It may be that the Mac Mini like the one that I’ve built is just fine for your Remote Render needs – especially if you’re using render cached files, but the advent of Thunderbolt 3 and eGPUs has opened the door to even more (and flexible) power on a machine like the Mac Mini.
Earlier this year, Blackmagic released their own eGPU built around a AMD Radeon Pro 580, and just recently released the eGPU Pro model around a much more powerful Radeon RX Vega 56. Apple is even promoting these solutions on its own website.
While there is a lot to love about these units – especially the additional USB, HDMI and Thunderbolt 3 ports on the back of each one, the fact that the actual GPU can’t be swapped out at later date is an issue for me. Also, in general, I’ve found AMD cards to not be nearly as powerful.
So why not use an NVIDIA card as a 3rd party GPU enclosure?
That’s exactly what I want to do! I’d like to repurpose the GTX 1080TI in a Razer Core X that I own and use with a Windows laptop, but currently, with Mojave (10.14) there are no NVIDIA web drivers available. I have it on good authority, that it is Apple blocking NVIDIA, but right now, it just doesn’t work. If this goes on with no resolution, I may just end up with an AMD card – that I don’t want to have or buy.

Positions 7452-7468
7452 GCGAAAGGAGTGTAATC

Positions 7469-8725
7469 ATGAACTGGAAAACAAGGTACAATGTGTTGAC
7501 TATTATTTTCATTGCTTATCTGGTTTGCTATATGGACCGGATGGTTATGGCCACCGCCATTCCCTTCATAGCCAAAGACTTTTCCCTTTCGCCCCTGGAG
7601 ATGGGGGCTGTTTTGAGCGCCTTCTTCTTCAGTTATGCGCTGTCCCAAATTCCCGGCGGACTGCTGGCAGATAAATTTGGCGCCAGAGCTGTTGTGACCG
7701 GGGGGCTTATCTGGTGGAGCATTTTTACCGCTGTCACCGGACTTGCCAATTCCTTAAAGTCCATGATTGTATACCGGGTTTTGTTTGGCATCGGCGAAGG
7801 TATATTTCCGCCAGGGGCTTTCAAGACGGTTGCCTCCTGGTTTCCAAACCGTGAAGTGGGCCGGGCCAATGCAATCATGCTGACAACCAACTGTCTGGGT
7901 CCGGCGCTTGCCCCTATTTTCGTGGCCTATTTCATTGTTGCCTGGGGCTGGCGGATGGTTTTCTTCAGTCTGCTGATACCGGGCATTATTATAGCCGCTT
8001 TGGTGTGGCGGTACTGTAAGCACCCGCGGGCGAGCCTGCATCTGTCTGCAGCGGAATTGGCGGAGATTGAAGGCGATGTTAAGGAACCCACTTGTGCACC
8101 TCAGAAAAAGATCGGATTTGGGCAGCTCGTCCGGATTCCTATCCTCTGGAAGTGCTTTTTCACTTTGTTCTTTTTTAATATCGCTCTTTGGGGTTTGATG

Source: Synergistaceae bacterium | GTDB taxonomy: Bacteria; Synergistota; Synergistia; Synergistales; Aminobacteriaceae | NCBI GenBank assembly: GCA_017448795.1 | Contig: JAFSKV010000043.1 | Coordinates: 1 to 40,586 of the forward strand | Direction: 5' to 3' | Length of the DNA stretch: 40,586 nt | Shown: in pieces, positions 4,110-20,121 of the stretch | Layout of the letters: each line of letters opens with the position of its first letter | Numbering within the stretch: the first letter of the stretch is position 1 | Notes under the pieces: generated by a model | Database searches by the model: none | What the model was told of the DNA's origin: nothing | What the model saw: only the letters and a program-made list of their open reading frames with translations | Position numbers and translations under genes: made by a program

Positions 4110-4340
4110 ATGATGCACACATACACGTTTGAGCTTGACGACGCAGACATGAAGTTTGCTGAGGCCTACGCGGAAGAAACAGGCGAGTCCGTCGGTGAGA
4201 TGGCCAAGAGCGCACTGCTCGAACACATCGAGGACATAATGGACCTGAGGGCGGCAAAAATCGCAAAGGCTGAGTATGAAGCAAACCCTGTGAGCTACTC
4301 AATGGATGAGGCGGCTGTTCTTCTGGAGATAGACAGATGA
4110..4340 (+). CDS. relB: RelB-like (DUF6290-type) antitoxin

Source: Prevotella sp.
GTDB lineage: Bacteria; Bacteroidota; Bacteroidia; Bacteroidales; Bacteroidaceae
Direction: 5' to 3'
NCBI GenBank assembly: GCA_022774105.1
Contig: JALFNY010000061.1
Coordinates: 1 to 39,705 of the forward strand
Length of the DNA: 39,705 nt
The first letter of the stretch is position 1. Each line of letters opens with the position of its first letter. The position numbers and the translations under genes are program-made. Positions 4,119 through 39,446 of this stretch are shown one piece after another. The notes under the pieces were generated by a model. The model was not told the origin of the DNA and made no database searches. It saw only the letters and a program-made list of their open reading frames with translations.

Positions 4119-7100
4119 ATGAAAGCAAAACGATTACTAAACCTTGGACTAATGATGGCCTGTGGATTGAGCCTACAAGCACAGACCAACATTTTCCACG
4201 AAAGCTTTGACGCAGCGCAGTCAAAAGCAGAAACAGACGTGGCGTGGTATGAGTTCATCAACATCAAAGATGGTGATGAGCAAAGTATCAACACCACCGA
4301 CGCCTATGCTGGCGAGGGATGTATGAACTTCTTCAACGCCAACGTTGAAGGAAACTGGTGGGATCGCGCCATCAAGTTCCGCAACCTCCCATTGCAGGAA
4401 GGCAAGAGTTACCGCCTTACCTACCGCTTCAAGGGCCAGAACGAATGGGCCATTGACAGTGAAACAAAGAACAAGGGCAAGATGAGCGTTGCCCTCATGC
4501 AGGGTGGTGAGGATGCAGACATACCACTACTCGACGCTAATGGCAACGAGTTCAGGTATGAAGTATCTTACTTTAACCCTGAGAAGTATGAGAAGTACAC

Just keep in mind with any eGPU, performance is never going to be quite up to par with a dedicated GPU running over PCIe inside the computer.
Use Case #3 – FCP X & Transcoding
For me, another reason to have a Mac Mini in my home and office setups is Final Cut Pro X.
Surprisingly, over the past year, FCPX originated projects are on the rise for my facility and I sometimes need to dive into the FCP project and adjust things prior to creating an XML for Resolve. And let’s be honest, FCP X has the best XML integration of any NLE workflow with Resolve.